• Re: "I heard a talk by a top MS researcher who was quite negative about Alemtuzumab. He described it as nuclear bombing the immune system and killing everything. Audience members who are not in the habit of reading MS news would have gone away thing it is something to avoid."

    Mitoxantrone is used as an induction therapy and is already available. Some of the results of it being used in this way are very promising. It does however come with risks!

    Alemtuzumab is about to be assessed by the FDA and EMA; I guess if it gets the green light it will be available in the US by the end of the year or early next year and 6-12 month later in the EU. The US always seems to do things quicker than the EU regarding DMTs.

  • Re: "something to avoid."

    You need to speak to MS'ers who have had Alemtuzumab. They are the people who should be counselling fellow MS'ers about the risk:benefits of the treatment; not risk-adverse neurologists who don't have the disease.

    Did you know neurologists are much more risk adverse than MS'ers?

  • Re "…efficacy of Alemtuzumab in MS and look at the results of the phase 2 & 3 data."

    CARE-MS I&II trials lasted 2 years each. 22.2% of patients developed some kind of autoimmune disease. What will happen if you give Alem for 10-15-20 years? No one knows. So, whatever the benefit, it's only evidence, not solid proof.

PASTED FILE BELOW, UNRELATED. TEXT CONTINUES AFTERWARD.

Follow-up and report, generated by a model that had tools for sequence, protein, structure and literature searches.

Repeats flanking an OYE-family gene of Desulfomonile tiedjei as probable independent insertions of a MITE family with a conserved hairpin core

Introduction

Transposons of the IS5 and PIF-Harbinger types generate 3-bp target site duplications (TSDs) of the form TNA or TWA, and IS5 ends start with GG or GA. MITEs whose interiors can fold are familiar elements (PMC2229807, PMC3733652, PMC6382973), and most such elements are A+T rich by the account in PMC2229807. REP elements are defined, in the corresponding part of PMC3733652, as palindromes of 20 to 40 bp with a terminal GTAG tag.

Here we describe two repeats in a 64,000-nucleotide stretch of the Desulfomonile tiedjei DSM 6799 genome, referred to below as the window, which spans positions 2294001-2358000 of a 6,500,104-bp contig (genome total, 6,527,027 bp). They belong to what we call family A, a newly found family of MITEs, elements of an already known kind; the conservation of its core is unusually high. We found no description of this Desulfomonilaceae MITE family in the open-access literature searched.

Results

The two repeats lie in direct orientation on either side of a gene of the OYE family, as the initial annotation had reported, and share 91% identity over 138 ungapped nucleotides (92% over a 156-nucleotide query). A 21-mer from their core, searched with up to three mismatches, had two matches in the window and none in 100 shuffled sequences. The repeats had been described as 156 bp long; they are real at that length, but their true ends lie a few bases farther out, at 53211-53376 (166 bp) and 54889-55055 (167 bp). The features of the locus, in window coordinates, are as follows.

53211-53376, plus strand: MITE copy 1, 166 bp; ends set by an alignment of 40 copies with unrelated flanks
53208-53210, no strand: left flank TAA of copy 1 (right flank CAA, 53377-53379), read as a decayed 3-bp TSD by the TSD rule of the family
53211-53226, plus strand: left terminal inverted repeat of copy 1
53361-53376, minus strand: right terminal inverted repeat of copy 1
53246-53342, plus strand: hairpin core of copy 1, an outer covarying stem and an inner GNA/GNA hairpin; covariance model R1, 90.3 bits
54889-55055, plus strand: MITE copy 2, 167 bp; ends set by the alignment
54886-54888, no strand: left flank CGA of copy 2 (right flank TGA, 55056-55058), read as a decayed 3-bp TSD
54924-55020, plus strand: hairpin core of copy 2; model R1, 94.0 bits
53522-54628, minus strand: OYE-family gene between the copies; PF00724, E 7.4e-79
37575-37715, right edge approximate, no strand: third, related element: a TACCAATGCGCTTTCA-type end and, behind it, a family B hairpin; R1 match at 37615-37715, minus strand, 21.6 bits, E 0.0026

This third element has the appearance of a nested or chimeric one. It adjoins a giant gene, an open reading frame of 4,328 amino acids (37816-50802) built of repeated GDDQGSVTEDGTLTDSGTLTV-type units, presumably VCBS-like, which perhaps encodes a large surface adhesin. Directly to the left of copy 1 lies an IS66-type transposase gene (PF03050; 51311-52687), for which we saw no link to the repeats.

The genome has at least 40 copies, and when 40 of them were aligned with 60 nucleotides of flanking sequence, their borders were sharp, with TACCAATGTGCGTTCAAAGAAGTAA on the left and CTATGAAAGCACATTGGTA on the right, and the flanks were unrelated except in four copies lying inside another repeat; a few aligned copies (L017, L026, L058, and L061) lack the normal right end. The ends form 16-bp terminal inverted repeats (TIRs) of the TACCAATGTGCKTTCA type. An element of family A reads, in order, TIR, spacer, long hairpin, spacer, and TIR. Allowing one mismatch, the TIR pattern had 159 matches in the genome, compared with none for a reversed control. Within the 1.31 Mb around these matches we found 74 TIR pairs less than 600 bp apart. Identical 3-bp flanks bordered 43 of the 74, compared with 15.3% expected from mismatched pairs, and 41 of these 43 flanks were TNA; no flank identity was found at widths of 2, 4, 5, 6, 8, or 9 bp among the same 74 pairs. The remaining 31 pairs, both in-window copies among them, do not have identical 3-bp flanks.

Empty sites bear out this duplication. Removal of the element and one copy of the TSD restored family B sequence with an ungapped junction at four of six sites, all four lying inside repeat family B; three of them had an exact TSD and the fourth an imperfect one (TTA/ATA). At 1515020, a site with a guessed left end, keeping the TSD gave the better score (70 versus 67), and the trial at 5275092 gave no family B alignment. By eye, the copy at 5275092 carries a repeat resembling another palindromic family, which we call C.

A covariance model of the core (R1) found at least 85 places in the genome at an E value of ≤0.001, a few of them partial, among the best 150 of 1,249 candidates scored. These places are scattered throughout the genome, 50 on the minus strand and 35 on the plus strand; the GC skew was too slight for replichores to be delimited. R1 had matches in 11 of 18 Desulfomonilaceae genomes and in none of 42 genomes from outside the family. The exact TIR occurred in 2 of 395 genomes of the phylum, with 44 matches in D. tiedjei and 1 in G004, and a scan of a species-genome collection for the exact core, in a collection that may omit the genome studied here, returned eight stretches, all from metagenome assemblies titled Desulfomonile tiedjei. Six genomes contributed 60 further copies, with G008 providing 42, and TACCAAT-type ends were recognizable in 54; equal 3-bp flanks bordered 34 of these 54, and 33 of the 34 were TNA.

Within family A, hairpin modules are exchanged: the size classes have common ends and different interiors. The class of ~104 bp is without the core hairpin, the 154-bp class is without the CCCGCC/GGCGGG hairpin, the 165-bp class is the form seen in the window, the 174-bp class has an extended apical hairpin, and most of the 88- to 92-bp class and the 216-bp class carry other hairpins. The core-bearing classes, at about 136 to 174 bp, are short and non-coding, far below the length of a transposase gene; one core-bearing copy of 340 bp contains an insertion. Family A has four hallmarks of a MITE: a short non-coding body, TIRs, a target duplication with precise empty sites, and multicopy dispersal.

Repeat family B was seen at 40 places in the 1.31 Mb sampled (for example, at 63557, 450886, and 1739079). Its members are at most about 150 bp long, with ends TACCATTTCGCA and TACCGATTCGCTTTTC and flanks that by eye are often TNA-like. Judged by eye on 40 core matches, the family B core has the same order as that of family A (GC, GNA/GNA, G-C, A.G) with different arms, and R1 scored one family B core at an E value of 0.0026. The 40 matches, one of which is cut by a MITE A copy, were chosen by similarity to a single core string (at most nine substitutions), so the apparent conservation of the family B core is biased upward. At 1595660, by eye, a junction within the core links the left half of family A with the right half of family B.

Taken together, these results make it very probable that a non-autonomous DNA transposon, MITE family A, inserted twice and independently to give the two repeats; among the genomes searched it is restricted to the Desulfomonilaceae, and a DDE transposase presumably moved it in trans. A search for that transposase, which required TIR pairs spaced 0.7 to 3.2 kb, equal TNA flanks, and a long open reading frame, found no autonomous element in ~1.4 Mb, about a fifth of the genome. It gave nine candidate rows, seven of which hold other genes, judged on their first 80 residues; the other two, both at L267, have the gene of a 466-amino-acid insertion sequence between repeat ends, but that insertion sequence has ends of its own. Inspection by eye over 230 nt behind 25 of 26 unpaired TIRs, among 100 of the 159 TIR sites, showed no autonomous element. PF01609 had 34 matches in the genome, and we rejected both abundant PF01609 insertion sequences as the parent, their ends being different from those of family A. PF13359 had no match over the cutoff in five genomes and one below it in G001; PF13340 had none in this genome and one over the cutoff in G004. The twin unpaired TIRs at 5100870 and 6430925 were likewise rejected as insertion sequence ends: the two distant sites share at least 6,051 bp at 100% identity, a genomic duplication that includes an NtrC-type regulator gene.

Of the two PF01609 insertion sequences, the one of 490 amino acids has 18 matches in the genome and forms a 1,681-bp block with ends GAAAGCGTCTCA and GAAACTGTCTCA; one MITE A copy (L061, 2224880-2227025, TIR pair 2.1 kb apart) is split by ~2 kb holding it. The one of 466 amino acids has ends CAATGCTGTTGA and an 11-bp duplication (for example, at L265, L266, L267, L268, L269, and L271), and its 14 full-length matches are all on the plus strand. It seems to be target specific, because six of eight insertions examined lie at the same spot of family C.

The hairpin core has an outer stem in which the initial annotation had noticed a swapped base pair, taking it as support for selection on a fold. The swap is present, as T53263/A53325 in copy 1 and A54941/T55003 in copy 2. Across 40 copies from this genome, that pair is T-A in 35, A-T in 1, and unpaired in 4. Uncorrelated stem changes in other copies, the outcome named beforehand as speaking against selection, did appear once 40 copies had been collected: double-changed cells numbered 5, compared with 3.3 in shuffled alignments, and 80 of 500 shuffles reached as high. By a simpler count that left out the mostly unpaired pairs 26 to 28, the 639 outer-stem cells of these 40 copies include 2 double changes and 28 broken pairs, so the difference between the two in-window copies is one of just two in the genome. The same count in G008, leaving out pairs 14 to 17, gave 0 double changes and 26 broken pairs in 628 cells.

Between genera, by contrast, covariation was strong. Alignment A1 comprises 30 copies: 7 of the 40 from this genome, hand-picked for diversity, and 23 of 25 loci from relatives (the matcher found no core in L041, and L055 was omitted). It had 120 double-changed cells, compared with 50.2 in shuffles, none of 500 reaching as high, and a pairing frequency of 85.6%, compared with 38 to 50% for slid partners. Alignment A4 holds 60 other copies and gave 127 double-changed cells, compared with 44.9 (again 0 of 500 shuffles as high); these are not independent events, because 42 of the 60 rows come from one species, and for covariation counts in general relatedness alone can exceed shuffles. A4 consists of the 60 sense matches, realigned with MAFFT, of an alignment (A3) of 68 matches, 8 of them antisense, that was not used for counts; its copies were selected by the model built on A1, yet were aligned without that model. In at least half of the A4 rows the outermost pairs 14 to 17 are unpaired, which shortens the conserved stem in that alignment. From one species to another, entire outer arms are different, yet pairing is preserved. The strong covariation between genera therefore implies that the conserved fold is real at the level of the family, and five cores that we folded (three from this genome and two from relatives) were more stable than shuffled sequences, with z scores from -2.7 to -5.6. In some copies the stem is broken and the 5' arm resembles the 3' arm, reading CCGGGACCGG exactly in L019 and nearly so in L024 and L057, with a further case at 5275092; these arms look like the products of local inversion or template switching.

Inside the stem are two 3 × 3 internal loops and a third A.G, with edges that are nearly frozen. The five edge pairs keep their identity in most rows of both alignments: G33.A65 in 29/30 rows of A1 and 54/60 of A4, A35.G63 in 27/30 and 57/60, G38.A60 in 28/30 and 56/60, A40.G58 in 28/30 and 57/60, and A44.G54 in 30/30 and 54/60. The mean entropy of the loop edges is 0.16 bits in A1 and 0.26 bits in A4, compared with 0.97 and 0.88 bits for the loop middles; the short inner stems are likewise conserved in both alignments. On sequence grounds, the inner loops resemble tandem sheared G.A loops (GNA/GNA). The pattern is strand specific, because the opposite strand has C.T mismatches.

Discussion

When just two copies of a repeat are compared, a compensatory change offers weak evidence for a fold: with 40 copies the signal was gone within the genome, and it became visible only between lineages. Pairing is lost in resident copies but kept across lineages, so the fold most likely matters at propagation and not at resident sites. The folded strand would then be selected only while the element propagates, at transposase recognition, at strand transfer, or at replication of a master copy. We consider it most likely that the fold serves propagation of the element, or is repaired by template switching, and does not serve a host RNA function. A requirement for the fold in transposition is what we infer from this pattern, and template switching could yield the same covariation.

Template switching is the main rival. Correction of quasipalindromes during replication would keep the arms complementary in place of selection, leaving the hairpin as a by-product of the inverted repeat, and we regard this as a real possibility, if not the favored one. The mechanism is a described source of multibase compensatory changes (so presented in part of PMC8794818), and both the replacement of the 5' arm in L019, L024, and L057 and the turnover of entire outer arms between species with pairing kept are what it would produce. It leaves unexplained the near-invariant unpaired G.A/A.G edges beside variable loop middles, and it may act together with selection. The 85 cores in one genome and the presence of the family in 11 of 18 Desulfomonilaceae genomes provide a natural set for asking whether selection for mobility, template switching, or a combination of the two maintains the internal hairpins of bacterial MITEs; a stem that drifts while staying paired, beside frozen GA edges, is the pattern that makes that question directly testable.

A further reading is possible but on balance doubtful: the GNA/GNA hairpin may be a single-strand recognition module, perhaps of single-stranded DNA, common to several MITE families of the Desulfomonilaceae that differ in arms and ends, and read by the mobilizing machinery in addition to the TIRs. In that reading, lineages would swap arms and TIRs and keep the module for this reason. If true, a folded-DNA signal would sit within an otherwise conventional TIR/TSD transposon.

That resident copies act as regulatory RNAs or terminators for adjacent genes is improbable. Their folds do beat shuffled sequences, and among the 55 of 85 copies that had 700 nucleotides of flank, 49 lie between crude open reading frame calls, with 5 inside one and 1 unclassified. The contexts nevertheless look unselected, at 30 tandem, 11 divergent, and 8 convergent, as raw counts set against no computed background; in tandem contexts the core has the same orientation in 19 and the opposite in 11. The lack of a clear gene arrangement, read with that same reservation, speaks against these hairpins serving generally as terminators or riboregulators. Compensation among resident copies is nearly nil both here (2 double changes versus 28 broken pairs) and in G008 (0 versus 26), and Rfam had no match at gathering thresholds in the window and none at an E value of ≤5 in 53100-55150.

Re "Canadian bone marrow transplant data"

    I believe you are refering to:
    "Neurological recovery following treatment of aggressive multiple sclerosis with immunoablation and autologous stem cell transplantation"

    24 patients from Oct 2001 to Dec 2009. EDSS in [3..6]. One died. No relapses, no MRI activity for anyone. 7 had increase in EDSS. Median follow-up=62 months. Max follow-up=10 years, min follow-up=2 years.
    Don't you think it's a bit over the edge to consider an average value for such an expansion in time? And then, does anybody know what will happen when 20 years have passed for all patients? Not a single datum. So, only evidence, not solid proof, once again.

    We have heard many times that greater benefit comes with greater risk. Well, it's the ratio that counts and it seems to remain unchanged. The purpose of a therapy is to restore homeostasis, not to transfigure the disease state. That is, adverse events are also events that should be taken into account for the characterization of the overall health state.

    Patients always have the last word. But do they get unbiased information?

  • Alemtuzumab is not given for 15- 20 years. It is generally a short courseone year, followed by a another short course the following year. A third course may be given late if necessary- presumably due to relapse. Testing for autoimmune disease seems to stop 5 years beyond the last course as if it hasn't arisen by then it is most likley not to arise. Alemtuzumab has been given since the 1980's in much higher doses to chronic leukaemia patients. Yes, it has it's risks but I don't think it would be in the reputable scientists' interests who have invested much time in looking into it to muddy the facts. Let's face it, your treatment of choice, VV,is not without risks either and with far less scientific back up.